SaaS environments require greater attention to authentication and access control because the user doesn’t own the network. Governance standards need to be put in place to ensure that users take appropriate precautions with data and that all necessary regulatory and compliance guidelines are met.
Without these new competencies, organizations will struggle to gain visibility into their hybrid cloud environments, making it almost impossible to determine which computing and storage tasks are taking place where, using which data and under whose direction. In that situation, provisioning and enforcement of policy can quickly become impractical. But if organizations practice secure-by-design principles using new cloud-native tools, they can get a single-pane-of-glass view into activity that enables policy enforcement.
Three Keys to Secure Hybrid Cloud Deployments
Three areas merit special attention: encryption, endpoint security and access control.
Encryption is the best form of data protection. Data moving to and from the public cloud should be encrypted at all stages, and sensitive data should never be left unencrypted. All cloud providers support encryption, but not necessarily by default. Customers need to choose the type of encryption that is most appropriate and secure encryption keys.
When public cloud services are accessed over the public internet, special attention needs to be paid to endpoint security to prevent the risk of creating access points for attackers or becoming targets of malware. For example, an attacker who compromises a PC and logs on as an administrator for the company’s public cloud effectively has the keys to the kingdom. Hardware firewalls aren’t protection enough.
Secure web gateways (SWGs) utilize URL filtering, advanced threat defense (ATD) and malware detection to protect organizations and enforce internet policy compliance. SWGs are delivered as both physical and virtual on-premises appliances, cloud-based services or hybrid cloud/on-premises solutions. They provide an additional layer of protection against destructive attacks such as ransomware and enable safer and more efficient adoption of cloud-based services.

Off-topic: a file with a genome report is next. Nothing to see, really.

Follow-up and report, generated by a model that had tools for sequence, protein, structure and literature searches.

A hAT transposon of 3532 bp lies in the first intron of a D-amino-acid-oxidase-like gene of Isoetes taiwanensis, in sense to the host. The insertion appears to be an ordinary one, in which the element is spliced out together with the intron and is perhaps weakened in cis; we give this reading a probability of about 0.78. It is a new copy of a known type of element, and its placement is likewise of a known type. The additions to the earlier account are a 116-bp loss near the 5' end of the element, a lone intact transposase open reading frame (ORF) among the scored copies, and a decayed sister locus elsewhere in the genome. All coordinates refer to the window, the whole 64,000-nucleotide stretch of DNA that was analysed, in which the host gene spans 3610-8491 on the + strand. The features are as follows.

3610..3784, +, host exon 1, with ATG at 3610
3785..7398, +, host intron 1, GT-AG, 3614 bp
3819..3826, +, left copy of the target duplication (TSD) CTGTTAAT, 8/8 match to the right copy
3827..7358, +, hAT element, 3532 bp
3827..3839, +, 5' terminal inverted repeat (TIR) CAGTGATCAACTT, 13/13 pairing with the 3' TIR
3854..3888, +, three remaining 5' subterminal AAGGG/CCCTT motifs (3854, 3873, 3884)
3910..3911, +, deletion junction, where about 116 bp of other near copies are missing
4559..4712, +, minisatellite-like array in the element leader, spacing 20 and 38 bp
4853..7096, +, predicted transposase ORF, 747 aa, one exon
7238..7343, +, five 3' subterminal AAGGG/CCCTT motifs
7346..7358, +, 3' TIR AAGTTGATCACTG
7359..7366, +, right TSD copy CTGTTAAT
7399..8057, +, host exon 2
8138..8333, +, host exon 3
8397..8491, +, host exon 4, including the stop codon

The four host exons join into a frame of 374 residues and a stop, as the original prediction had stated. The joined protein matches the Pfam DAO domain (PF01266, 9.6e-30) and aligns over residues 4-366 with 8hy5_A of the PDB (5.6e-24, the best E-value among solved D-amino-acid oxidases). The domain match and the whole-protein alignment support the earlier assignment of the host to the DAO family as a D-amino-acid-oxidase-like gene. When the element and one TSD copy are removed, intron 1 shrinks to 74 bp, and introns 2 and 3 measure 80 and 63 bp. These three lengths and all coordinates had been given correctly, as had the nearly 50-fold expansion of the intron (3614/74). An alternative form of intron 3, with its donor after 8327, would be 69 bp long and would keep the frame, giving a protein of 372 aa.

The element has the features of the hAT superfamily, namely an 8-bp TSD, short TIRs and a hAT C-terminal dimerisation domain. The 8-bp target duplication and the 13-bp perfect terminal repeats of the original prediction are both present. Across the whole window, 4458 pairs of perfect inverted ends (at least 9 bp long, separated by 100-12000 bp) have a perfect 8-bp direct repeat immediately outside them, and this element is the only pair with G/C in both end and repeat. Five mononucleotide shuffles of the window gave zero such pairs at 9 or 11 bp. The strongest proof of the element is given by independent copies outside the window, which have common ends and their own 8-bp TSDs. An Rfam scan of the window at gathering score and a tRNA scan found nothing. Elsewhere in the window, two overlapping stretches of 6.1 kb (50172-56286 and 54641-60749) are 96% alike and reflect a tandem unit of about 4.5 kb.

Finally, cloud-specific access control is a necessity if employees, contractors and vendors are to use both public and private clouds. Single sign-on (SSO) and federated access controls can minimize inconvenience while maintaining control and security monitoring.
Identity and access management-as-a-service (IDaaS) works in both multitenant and dedicated environments. It provides identity governance and administration, access management, and analytics functions that span the organization’s entire cloud environment. IDaaS can also be integrated with existing access management software to manage access to legacy applications.
The Cloud Security Alliance has an extensive library of resources that cover practices for hybrid cloud security. Organizations should familiarize themselves with these guidelines before beginning the migration process. Building security into hybrid infrastructure from the beginning minimizes the pain and delay of backfilling later.